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Analysis: Kim Jong Il's cry for help

Analysts feel that the Nov. 10 naval clash between the Koreas is a signal from Pyongyang that it's ready to talk.

North Korean leader Kim Jong Il holds a piece of corn during his visit to Dongbong collective farm in North Korea, in this undated picture released on Nov. 8, 2009 by North Korea's official news agency KCNA. (Reuters/KCNA)

SEOUL, South Korea — The Nov. 10 naval clash in disputed Korean waters between North and South Korean forces ended in an intense exchange of fire and the retreat of a North Korean vessel enveloped in flames.

The skirmish off the west coast of the Korean Peninsula — the first in seven years — was a stark reminder that the two Koreas are still at war. But most analysts believe that what appeared to be an aggressive clash was in fact a sign from Pyongyang that it is willing to continue engaging with the rest of the world.

Analysts believe by temporarily escalating tension in the disputed waters, North Korea is trying to speed up dialogue between the U.S. and Pyongyang, and also lay out a new track for North and South Korean relations — essentially, working toward a non-confrontational stance that is different from the one it took with the conservative administration that took office in 2008.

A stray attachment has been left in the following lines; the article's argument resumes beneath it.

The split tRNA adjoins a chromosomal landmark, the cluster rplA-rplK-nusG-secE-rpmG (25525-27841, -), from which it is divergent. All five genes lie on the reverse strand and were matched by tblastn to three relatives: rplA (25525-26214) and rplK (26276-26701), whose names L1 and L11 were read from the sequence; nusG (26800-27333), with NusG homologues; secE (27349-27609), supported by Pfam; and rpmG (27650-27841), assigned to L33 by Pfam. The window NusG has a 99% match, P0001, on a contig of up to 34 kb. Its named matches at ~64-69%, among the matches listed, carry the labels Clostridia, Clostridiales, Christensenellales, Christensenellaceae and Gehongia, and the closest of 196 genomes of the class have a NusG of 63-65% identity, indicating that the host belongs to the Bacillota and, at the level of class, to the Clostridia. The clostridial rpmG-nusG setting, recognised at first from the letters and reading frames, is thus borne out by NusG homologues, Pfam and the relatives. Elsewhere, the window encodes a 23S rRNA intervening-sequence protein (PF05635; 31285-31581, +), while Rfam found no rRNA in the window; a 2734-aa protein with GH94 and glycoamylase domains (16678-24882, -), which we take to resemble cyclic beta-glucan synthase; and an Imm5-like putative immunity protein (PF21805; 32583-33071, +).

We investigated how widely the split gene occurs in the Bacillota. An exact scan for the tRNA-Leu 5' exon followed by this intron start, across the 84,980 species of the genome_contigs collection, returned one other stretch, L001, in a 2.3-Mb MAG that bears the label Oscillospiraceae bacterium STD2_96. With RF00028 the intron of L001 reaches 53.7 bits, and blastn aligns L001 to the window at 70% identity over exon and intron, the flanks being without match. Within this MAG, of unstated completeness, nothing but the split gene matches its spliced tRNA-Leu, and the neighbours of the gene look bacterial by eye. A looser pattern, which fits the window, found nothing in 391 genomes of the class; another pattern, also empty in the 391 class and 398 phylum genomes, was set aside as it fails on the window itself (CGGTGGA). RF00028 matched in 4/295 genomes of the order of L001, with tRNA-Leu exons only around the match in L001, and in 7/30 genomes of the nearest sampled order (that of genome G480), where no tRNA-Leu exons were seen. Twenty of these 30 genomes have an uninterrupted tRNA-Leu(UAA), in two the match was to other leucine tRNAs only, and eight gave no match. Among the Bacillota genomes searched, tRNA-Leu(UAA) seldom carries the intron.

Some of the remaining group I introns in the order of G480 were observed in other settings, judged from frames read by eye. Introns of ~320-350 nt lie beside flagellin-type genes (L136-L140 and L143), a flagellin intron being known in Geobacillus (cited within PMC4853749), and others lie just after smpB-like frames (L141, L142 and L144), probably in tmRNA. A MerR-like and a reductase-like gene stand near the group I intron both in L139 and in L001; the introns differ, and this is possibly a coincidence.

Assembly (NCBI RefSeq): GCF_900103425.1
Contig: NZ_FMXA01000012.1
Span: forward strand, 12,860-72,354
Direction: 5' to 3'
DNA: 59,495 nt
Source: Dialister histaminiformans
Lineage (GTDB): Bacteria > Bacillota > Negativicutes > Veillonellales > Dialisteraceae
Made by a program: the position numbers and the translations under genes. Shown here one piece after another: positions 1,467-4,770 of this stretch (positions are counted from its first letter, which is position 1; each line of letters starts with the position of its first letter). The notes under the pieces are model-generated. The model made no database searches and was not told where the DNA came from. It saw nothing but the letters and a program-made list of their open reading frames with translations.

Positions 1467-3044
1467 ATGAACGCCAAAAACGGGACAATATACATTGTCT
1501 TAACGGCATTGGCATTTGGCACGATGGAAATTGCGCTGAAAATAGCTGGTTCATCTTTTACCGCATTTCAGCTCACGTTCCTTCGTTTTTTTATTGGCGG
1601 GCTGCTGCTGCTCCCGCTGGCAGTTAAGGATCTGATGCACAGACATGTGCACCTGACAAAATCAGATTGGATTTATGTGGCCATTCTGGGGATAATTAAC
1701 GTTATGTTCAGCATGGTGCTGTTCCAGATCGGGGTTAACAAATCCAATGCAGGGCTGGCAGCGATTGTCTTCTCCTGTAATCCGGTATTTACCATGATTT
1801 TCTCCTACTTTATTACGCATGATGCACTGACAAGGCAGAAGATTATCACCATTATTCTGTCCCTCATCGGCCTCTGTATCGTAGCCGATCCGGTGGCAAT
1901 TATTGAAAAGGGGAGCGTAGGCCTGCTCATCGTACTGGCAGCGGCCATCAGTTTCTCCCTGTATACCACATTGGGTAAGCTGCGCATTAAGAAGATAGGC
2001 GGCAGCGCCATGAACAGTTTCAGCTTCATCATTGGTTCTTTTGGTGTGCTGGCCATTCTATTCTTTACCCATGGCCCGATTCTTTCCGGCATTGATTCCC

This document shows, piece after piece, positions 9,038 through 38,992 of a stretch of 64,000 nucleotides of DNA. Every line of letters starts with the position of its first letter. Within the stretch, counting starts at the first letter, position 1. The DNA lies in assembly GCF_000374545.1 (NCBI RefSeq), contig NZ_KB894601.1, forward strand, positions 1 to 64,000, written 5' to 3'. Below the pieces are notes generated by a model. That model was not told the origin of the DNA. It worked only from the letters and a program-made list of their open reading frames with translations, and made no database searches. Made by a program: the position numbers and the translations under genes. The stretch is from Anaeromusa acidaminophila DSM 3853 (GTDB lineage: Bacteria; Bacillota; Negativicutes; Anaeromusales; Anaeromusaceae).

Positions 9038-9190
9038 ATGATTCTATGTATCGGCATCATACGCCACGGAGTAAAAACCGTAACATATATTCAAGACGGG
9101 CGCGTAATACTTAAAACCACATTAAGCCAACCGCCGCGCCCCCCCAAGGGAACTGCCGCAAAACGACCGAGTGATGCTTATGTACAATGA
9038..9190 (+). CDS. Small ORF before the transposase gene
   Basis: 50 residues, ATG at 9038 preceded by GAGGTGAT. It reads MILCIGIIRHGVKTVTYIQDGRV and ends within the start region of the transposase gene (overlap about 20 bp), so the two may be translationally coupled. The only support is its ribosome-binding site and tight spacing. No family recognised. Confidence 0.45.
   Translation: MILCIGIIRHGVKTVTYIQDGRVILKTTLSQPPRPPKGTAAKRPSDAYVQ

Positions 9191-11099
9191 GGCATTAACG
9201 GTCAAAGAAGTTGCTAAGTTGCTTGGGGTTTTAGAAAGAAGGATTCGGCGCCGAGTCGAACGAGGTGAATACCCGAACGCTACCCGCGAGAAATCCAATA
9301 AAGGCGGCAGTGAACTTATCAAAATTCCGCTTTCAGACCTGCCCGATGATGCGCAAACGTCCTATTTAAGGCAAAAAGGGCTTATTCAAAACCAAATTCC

The South’s military announced its patrol boat had sent warnings to the North Korean ship, which it accused of crossing into South Korean waters. The North Korean ship, which claimed to be investigating an unidentified object, the military said, opened fire on the patrol boat and the South retaliated with gunfire. The foreign vessel then retreated to North Korean waters engulfed in flames.

Unlike the next most recent naval clash seven years ago that resulted in the death of both North and South Korean military forces, no casualties were reported from the South Korean side after Tuesday's clash.

Pyongyang has since issued a statement through its state-run news agency demanding an apology from South Korea.

The western waters are considered a hot spot when it comes to military disputes between the two Koreas. The Northern Limit Line is what divides North and South Korean waters, but Pyongyang does not recognize the United Nations-designated maritime border, and it has been a habitual provocation tool used by North Korea to escalate tension on the peninsula.

Shortly after the incident, the South Korean president, Lee Myung-bak, held an emergency meeting with security-related ministers and expressed concern about retaliation from the North, a possibility that experts do not rule out.

“But the North isn’t going to let tensions escalate with the talks between Pyongyang and Washington coming up soon,” Yang Moo-jin, a North Korea expert from The Institute for Far Eastern Studies, said.